What does a ballplayer do after his time in the majors is done? Many become analysts, some just go back to regular life, but for others, a career in acting makes sense.
We have seen this in the past. After all, John Beradino is probably much more known for his stint on General Hospital than his 11-year major league career, which included a World Series ring.
While few make such a seamless transition, there are those who have the flair to make such a leap.
Here are some of them, which include some that have partially made the jump already thanks to reality television.
During the 2005 congressional hearings, it didn't seem like we got straight answers. Mark McGwire talked about not thinking about the past, but Rafael Palmeiro adamantly stated that he never took steroids, and of anyone on the panel, I believed him.
Of course, he tested positive a short time later, and for me, that was the catalyst of not believing anyone on that front. Still, he had some acting chops to lie that clearly look believable, so going that route makes sense for him.
In Cleveland, the men may have had various Indians who were their favorite player, but the women were always fairly unanimous. Grady Sizemore has had a cult following here, even in spite of his injuries.
All Hollywood has to do is put him in a romantic comedy, and people will go see it. He has a good look for that, and he's already a hit with the ladies.
At 6'10", Randy Johnson is a big guy and not someone who would exactly have a starring role. That being said, he had a fearsome look throughout his career, and he could use that exact same look on the big screen.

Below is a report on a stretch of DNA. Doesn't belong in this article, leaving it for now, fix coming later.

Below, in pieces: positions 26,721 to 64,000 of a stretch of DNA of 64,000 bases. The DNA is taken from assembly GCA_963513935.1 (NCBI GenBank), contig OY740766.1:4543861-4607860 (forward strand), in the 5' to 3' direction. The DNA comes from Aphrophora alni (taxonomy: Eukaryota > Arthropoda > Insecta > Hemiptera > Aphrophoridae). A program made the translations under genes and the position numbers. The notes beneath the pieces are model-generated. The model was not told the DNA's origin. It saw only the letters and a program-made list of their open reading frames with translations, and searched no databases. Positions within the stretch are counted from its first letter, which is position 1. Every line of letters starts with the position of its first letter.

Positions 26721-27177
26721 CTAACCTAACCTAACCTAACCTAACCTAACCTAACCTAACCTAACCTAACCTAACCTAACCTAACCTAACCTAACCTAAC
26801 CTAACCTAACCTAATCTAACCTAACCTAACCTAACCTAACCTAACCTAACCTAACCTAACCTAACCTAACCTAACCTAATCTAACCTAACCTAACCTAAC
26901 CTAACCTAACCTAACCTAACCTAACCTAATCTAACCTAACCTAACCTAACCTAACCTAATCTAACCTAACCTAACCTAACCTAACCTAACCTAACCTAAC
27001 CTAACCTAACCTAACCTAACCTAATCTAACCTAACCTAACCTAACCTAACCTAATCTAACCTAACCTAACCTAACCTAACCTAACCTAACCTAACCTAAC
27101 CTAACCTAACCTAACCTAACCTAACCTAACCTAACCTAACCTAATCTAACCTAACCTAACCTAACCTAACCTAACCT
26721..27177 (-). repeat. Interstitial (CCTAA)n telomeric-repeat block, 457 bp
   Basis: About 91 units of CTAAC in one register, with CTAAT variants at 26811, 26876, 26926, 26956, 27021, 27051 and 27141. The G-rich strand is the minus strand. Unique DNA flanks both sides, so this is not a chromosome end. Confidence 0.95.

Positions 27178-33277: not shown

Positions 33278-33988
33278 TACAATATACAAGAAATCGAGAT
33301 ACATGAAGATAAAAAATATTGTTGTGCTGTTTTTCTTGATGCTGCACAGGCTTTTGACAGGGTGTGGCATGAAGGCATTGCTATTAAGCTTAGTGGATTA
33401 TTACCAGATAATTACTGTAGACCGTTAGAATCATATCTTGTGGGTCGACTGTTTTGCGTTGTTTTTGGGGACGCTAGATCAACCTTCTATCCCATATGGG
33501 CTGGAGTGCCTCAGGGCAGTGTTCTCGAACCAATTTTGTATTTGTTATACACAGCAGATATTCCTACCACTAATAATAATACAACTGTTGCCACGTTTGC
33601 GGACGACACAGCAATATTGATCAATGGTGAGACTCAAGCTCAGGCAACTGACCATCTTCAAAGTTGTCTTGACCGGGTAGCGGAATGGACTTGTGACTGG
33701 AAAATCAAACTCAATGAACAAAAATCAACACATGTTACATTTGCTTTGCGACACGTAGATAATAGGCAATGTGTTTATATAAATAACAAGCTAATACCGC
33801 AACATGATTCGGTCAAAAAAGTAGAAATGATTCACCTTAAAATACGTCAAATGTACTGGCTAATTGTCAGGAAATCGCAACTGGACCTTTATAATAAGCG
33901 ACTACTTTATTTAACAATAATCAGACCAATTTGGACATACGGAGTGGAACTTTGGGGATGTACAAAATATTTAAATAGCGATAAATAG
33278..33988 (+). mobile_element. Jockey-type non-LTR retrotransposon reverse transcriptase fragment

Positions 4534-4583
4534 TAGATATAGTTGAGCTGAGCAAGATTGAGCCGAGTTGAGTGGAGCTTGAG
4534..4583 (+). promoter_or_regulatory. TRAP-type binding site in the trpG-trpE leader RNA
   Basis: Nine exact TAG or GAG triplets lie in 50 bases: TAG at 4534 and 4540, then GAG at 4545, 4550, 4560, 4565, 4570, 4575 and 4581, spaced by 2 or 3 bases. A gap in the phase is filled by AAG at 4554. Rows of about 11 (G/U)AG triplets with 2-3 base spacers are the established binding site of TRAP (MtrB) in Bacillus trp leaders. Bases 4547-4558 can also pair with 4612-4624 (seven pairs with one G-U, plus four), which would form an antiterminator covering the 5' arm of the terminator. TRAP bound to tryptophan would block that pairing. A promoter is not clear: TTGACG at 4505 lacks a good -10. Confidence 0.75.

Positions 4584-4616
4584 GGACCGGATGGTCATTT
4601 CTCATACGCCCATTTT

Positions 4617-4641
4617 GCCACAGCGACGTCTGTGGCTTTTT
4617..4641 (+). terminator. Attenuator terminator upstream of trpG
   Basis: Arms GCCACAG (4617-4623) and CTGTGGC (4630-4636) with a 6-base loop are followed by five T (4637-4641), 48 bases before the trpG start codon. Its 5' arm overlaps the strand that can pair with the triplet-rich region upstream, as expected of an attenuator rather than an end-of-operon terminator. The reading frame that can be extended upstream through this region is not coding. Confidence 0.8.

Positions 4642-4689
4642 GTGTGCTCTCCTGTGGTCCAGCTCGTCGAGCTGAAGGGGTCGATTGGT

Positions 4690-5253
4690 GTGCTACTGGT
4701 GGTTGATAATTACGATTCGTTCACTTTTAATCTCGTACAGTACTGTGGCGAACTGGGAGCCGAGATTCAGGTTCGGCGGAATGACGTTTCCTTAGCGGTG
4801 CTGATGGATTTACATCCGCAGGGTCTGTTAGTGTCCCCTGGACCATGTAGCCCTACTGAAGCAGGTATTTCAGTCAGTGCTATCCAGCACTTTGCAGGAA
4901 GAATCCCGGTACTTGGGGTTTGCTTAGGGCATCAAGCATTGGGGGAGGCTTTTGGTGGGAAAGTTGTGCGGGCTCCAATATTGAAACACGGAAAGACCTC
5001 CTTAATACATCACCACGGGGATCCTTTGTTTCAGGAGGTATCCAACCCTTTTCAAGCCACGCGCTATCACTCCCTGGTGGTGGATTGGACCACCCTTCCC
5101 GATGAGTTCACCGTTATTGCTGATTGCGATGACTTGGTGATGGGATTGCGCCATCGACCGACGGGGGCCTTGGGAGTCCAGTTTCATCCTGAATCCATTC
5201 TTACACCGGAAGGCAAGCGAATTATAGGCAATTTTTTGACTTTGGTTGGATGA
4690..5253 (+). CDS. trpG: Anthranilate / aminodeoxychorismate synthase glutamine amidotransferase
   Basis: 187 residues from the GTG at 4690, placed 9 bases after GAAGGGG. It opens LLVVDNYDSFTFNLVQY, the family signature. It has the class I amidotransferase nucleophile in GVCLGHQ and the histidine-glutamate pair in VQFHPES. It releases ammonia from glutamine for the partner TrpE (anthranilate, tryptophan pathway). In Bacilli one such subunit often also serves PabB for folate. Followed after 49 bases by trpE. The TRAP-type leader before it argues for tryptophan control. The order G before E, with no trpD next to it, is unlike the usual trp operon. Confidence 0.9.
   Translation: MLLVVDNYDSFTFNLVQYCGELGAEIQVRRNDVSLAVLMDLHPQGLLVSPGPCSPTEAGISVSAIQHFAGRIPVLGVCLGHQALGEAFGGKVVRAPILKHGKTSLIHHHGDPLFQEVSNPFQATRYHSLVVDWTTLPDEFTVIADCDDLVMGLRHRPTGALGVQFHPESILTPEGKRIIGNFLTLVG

He's a rare person on the list who would pull off both being on the hero's or villain's side, and I would certainly pay to see him being either.
Even before joining the Texas Rangers and making his way to the United States, Yu Darvish was a star in Japan, and after retiring from baseball, he could likely remain a star there.
He already loves the spotlight, and making the jump to an acting career would be a small one for him, especially if he were to do it over in Japan.
Derek Jeter seems like the type of person who would have been great no matter what. On the baseball diamond, he has 3,000 hits and will be in the Hall of Fame. Had he gone into acting, he would be a title character.
Jeter has that quintessential look that would probably nab him nearly as much money as he makes now. I'm sure most Yankee fans out there would love to see Jeter on the big screen after his retirement.
Jose Canseco is one of the big faces of the steroid era. As a result, the guy remains utterly ripped even now. Certainly, someone like him could have a role in an action movie without any difficulty.